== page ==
Acute lung injury after hepatic cryoablation: correlation with NF-kappa B activation and cytokine production

Surgery. 1999 Sep;126(3):518-26.


Background: Previous clinical reports have documented multisystem organ injury after hepatic cryoablation. We hypothesized that hepatic cryosurgery, but not partial hepatectomy, induces a systemic inflammatory response characterized by distant organ injury and overproduction of nuclear factor kappa B (NF-kappa B)-dependent, proinflammatory cytokines.

Methods: In this study, rats underwent either cryoablation of 35% of liver parenchyma or a similar resection of left hepatic tissue. Serum tumor necrosis factor-alpha and macrophage inflammatory protein-2 levels and NF-kappa B activation were assessed by electrophoretic mobility shift assay at 30 minutes 1, 2, 6, and 24 hours after either procedure.

Results: Cryoablation of 35% of liver (n = 22 rats) resulted in lung injury and a 45% mortality rate within 24 hours of surgery, whereas 7% treated with 35% hepatectomy (n = 15 rats) died during the 24 hours after surgery (P < .05, cryoablation vs hepatectomy). Serum tumor necrosis factor-alpha and macrophage inflammatory protein-2 levels were markedly increased in rats (n = 10 rats) 1 hour after hepatic cryoablation compared with rats that underwent partial hepatectomy (P < .005). We evaluated NF-kappa B activation by electrophoretic mobility shift assay in nuclear extracts of liver and lung after cryosurgery and found that NF-kappa B activation was strikingly increased in the liver but not the lung at 30 minutes and in both organs 1 hour after cryosurgery, and returned to baseline in both organs by 2 hours. In rats undergoing 35% hepatectomy, no increase in NF-kappa B activation was detected in nuclear extracts of either liver or lung at any time point.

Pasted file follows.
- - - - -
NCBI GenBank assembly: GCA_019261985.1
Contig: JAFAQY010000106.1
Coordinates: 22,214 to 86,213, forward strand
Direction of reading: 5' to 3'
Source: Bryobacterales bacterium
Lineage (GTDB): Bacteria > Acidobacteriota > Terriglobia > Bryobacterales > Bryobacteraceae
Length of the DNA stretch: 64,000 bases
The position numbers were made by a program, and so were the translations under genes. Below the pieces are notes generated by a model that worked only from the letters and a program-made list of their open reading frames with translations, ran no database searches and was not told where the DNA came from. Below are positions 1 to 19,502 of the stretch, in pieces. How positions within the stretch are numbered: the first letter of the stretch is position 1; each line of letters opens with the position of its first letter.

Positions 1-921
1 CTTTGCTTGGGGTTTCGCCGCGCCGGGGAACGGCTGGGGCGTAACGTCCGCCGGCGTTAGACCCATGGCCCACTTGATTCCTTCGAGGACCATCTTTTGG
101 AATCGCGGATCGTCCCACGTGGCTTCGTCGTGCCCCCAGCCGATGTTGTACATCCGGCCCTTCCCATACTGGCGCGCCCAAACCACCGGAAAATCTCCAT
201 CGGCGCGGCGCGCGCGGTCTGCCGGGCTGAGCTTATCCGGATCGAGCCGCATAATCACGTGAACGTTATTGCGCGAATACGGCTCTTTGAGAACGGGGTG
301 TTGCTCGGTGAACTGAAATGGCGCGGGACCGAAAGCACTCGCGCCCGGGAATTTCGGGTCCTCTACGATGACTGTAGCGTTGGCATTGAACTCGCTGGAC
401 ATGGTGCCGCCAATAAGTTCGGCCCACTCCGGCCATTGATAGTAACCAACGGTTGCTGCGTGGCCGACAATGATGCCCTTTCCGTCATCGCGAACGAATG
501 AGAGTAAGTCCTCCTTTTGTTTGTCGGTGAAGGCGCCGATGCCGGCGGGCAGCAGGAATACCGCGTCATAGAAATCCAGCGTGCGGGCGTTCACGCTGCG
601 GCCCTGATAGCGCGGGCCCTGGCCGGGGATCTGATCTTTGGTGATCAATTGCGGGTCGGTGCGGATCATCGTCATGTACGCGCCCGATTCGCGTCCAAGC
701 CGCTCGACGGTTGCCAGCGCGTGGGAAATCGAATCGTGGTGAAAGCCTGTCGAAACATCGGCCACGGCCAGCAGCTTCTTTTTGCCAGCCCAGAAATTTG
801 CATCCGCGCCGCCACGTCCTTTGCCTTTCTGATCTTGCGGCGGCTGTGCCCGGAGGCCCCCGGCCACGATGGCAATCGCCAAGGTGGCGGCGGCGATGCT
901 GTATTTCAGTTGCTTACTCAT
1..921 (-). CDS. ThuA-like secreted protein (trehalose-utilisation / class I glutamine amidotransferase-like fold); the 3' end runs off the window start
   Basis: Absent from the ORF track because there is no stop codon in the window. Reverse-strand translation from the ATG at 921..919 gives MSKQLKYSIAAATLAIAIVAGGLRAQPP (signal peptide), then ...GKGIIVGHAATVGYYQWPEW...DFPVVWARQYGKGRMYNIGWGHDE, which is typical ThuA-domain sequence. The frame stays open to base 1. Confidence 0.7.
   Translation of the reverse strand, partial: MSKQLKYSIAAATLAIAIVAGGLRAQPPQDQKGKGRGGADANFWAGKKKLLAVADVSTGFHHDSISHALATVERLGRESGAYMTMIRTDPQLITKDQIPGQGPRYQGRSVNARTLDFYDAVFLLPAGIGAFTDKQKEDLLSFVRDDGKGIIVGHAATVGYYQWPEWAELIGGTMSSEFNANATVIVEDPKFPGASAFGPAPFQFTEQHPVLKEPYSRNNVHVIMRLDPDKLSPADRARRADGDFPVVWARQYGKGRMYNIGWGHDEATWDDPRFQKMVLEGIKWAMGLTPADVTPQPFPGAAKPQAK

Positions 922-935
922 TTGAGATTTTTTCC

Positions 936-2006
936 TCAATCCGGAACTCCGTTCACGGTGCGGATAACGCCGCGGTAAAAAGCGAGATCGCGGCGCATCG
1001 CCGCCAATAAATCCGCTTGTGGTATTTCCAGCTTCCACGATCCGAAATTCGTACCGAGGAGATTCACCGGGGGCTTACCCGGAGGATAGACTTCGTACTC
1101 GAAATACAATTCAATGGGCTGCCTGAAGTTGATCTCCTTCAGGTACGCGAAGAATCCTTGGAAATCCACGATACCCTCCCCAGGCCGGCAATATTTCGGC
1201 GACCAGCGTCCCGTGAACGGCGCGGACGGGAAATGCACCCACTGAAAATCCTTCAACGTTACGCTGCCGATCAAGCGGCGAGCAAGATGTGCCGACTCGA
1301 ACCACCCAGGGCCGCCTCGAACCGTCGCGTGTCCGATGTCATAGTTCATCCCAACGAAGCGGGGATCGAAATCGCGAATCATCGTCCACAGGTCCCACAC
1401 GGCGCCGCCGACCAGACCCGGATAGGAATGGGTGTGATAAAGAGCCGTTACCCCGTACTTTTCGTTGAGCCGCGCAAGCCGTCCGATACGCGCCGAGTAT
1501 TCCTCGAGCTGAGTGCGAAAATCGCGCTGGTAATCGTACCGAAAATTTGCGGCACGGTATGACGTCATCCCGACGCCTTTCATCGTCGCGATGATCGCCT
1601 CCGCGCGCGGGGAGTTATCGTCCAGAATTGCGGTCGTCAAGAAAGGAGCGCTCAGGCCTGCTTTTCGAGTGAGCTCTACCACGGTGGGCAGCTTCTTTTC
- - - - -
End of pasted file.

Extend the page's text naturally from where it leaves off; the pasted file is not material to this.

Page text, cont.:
Conclusions: These data show that hepatic cryosurgery results in systemic inflammation with activation of NF-kappa B and increased production of NF-kappa B-dependent cytokines. Our data suggest that lung injury and death in this animal model is mediated by an exaggerated inflammatory response to cryosurgery.

Publication types

  • Comparative Study
  • Research Support, Non-U.S. Gov't
  • Research Support, U.S. Gov't, Non-P.H.S.

MeSH terms

  • Acute Disease
  • Animals
  • Chemokine CXCL2
  • Cryosurgery / adverse effects*
  • Cytokines / biosynthesis*
  • Disease Models, Animal
  • Hepatectomy / adverse effects
  • Humans
  • Inflammation Mediators / metabolism
  • Liver / metabolism
  • Liver / surgery*
  • Lung / metabolism
  • Lung / pathology
  • Lung Injury*
  • Monokines / blood
  • NF-kappa B / metabolism*
  • Rats
  • Rats, Sprague-Dawley
  • Time Factors
  • Tumor Necrosis Factor-alpha / metabolism


  • Chemokine CXCL2
  • Cytokines
  • Inflammation Mediators
  • Monokines
  • NF-kappa B
  • Tumor Necrosis Factor-alpha